Norris talks about mental health, reveals of nerves/anxiety in 2019 F1 season
The British racer has taken help after nerves and anxiety as he opens up about mental health.
Lando Norris has opened up about having nerves and anxiety in 2019 F1 season and risked the same in 2020 but talked through it to better it.
After Haas' Romain Grosjean, McLaren's Norris is another F1 driver to have opened up about taking external help related to mental health. The British youngster revealed that he faced nerves and anxiety during the 2019 season, his first season in the sport.
In fact, Norris risked of a similar situation in 2020 but during the forced COVID-19 lockdown, he spoke with his core group, with whom he had been working in 2019, which helped him to be better when the season resumed in July.
For most, the core group is their family and friends but for a F1 driver like Norris, he spends more time with his colleagues at McLaren. It is his manager, performance coach and engineers, who become his second family with whom he can speak with.
He is doing that in 2020 and is trying to help others too. In fact, Norris is also working with charity 'Mind', who is also a partner of McLaren. The British F1 driver penned a column on the team's website, revealing about his fight with mental health.
"Have you ever struggled with something mentally but hidden it from the world by putting on a brave face? I know I have," wrote Norris. "During my first season racing in Formula 1, I might have looked like the new kid on the block full of confidence and enthusiasm but that really wasn’t the case. I covered up the fact that I was struggling a lot with nerves and anxiety.
"Despite making it to F1, something I had dreamt of ever since I began racing, I found myself questioning my own self-belief: worrying if I had what it took, comparing myself with my team-mate and other drivers. It screws with your head. It’s tough to deal with and I'm sure many other drivers have struggled with it in the past. But in sport, because no one wants to give the opposition an edge or show any weakness, we don’t talk about mental health as much as we should – and we really should.
"Having a strong, core group of people around you, whether it’s family, friends, colleagues, or someone else you feel you can open up to, is essential. For me, my family is most important. But when I’m racing, I’m away from home so my manager, performance coach and engineers – the people I work closest with – are my family. We spend so much time working together that we know each other really well and, for all of us to perform at our best, we need to be comfortable and open with each other. Just because I’m the one driving the car, it’s not just about how I feel. Everyone in the team must feel good about themselves and what they are doing to be in the right frame of mind and perform.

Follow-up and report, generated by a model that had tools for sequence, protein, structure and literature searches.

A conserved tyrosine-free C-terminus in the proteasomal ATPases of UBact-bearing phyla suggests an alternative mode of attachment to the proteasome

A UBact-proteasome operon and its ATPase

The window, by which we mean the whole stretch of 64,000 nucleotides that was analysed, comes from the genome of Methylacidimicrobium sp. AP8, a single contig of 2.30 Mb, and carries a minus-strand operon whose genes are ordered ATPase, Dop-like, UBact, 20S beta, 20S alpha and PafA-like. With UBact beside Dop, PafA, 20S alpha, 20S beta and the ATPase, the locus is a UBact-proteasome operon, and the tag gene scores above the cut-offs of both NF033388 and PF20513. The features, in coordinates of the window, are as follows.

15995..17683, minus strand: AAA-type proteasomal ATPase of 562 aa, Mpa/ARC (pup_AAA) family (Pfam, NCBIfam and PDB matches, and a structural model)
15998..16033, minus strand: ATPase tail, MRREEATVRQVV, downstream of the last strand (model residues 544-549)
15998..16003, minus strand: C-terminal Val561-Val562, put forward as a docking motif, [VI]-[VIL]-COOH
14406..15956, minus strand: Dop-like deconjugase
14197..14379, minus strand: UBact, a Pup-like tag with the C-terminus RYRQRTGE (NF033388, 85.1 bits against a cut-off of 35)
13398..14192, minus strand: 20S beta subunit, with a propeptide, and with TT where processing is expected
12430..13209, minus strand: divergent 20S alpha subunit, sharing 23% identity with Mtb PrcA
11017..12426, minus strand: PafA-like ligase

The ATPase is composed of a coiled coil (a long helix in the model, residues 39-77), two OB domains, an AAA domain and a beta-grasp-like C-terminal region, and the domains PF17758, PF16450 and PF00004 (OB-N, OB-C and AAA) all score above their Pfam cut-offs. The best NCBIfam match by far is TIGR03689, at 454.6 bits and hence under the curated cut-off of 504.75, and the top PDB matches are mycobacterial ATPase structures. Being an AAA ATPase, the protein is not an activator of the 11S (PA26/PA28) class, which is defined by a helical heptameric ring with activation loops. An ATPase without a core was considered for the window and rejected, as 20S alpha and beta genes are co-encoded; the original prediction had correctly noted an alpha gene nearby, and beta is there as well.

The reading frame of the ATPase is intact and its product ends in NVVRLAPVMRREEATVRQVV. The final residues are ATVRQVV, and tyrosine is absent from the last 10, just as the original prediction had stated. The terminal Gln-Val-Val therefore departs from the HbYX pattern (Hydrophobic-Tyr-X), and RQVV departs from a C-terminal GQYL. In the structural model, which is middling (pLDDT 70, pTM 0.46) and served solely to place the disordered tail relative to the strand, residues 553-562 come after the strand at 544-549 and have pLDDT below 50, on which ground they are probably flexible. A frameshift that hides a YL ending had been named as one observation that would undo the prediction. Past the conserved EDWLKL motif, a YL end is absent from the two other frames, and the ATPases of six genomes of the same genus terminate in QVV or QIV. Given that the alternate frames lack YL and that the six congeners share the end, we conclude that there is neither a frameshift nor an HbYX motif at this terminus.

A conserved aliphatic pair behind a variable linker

"Although we were physically apart for most of the winter and, of course, during lockdown, I spent a lot of time talking to this core group of people to try to overcome the nerves and anxiety I felt – something which risked affecting my second year in F1. By talking things through with them, it helped me to come into this season feeling much better about myself – more confident, more positive. It really highlights just how powerful talking to someone can be and the importance of having people around you that you can trust and rely on.
"Until the end of last season, I worked with a mind coach for a few years – another great example of someone I could reach out to, to work on my nerves and get me into a more positive mental state. But this year I felt confident enough to take more responsibility for my own mental health. I think it’s all part of the growing process. I had reached a stage where I felt ready to think for myself more when it came to finding ways to overcome mental challenges.
"I’ve been involved in all sorts of activities at the track this year to help support our partner, the mental health charity Mind: from painting helmets with my team-mate Carlos Sainz to taking part in Mind’s #MoveforMind fundraising challenge alongside the entire McLaren Racing team. Activities like this are a lot of fun but they’re also about raising awareness of a serious issue: mental health. It’s something that affects us all, but it’s equally something people don’t feel like they can talk about.
"This needs to change and I hope that the work we’re doing at McLaren, in support of Mind, can be a driving force for better mental health for everyone. If you’re struggling with your mental health right now, please don’t struggle alone. Reach out to someone you can talk to. Mind’s new peer support platform, Side by Side, is there for you. It’s a safe and supportive online community where you can connect anonymously with people who understand what you’re going through," summed up Norris.
[Image courtesy: McLaren] [Note: This story was written on FormulaRapida.net]